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Slovenia Partisan Printing Shop

During the national liberation struggle, the partisan press played an important connecting role. It propagated armed resistance against the occupying forces and represented a counterweight to widespread enemy propaganda. The need for the Slovene written language was all the greater due to many years of fascist pressures in the Primorska (coastal) region.

The largest and technically best equipped partisan printing shop in the Primorska region was the Slovenia Printing Shop. Following the advice of a local inhabitant, a secret location was selected for the printing shop below the edge of the 1000-metre-high Vojsko plateau above the Kanomljica River valley. In the summer of 1944, the cabins were assembled at the sawmill in Gačnik, and then the numbered beams and boards were transported to the selected location at night. The facilities included an engine room, kitchen and dining room, composing room, bookbindery and an electric plant for supplying power to the printing press with an electric motor. The colleagues of partisan pressmen bought a large, modern electric fast-printing press in Milano and, despite many dangers, illegally transported it to Gorica and then to Vojščica. Here the press was disassembled and carried part by part and with great difficulty to the engine room of the printing shop. A smaller, TIGL printing press was also purchased.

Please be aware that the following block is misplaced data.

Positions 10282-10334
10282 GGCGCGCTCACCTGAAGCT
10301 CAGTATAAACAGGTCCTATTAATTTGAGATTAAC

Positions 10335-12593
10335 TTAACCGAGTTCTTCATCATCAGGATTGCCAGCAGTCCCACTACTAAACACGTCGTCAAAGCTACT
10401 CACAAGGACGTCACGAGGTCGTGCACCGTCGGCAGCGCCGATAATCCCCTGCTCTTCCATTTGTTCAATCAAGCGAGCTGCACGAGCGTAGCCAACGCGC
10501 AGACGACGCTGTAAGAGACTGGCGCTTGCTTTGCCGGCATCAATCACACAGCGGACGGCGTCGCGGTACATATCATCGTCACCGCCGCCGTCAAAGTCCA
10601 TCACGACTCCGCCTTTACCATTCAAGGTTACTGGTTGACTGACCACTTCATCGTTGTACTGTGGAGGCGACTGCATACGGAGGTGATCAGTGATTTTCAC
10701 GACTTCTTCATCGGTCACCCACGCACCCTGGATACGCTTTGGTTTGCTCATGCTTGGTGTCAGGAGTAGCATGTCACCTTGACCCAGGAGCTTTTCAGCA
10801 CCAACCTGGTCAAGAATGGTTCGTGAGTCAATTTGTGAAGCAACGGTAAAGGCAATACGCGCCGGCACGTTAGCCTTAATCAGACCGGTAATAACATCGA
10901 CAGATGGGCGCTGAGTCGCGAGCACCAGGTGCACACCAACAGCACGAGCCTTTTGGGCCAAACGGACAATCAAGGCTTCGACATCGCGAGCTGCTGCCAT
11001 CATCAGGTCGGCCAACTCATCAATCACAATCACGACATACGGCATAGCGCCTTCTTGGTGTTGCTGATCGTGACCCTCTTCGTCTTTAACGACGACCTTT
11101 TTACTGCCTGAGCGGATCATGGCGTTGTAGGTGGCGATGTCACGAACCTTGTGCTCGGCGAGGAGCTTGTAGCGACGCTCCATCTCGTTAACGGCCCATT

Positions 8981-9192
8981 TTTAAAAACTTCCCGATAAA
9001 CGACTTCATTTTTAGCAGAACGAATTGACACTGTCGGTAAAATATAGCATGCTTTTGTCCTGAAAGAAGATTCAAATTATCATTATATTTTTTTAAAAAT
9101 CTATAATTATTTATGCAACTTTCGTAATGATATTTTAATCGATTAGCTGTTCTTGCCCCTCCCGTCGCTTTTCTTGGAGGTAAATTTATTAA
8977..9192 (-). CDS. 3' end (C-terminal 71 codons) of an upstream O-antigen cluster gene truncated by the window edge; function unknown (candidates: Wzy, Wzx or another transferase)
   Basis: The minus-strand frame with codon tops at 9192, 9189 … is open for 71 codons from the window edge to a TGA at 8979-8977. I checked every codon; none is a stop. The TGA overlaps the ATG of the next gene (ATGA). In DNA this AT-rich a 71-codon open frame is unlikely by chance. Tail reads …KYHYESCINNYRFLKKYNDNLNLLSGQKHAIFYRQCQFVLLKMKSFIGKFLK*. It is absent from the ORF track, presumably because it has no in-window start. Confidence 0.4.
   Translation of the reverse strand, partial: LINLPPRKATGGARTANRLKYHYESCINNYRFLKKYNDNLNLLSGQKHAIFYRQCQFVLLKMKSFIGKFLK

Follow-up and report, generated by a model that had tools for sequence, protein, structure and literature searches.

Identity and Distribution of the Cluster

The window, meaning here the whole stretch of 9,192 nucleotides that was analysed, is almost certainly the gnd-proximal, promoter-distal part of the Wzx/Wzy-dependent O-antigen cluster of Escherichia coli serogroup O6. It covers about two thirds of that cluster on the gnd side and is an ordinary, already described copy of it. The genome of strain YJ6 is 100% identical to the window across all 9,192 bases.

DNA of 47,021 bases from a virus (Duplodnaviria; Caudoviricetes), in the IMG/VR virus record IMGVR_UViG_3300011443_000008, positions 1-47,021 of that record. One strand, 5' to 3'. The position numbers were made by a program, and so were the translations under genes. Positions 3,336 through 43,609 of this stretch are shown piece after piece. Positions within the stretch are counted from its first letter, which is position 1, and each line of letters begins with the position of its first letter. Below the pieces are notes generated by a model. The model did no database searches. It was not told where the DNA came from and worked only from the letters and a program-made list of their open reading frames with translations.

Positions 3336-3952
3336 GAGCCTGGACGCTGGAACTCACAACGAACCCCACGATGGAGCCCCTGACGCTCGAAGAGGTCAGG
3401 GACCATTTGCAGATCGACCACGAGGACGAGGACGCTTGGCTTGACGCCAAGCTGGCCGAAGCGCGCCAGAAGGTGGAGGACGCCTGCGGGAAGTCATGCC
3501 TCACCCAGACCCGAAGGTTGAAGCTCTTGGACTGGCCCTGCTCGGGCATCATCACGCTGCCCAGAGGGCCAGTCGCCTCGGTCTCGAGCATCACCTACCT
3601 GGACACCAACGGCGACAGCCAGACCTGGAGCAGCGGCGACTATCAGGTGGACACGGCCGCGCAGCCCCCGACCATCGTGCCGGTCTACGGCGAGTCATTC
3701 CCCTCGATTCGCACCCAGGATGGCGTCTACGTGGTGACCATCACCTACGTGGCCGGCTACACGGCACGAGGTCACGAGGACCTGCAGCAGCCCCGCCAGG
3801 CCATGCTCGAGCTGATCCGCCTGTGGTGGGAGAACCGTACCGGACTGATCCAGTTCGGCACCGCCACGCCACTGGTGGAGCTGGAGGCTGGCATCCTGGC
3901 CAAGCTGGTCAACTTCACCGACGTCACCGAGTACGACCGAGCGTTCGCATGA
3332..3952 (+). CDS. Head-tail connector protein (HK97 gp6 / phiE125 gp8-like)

The Slovenia Printing Shop began to operate on 17 September 1944, and the next morning 4000 copies of the Partisan Daily were already dispatched via the courier relay station at Hum. The Partisan Daily was the only daily newspaper to be printed by a resistance movement in occupied Europe. It was issued regularly until the end of the war in a daily edition of 4000 to 7000 copies. The printing shop operated until 1st May 1945 with a staff of 40 to 50 persons. During its operation, a total of 313 different issues were printed on 1274 pages and in 1,394,000 copies. The engraver made a large number of linocuts, and cut as many as 56 different stamps into linoleum or lead with more than 450 specimens.

The printing shop was never discovered by the Germans, not even during their last offensive in the spring of 1945, when fierce battles raged in the direct vicinity of the printing shop and as many as 305 partisan soldiers fell under enemy fire at the above-lying Vojščica. Today, the Slovenia Printing Shop is preserved in its entirety as a cultural and historical monument, and has been open to visitors since 1947. Its printing presses are still operational.

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Tigl printing press
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Composing room where typesetters prepared texts for printing
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Forme for the Partisan Daily

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Kitchen in the Slovenia Printing Shop
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One of many printing plates made in the printing shop
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Letters in type case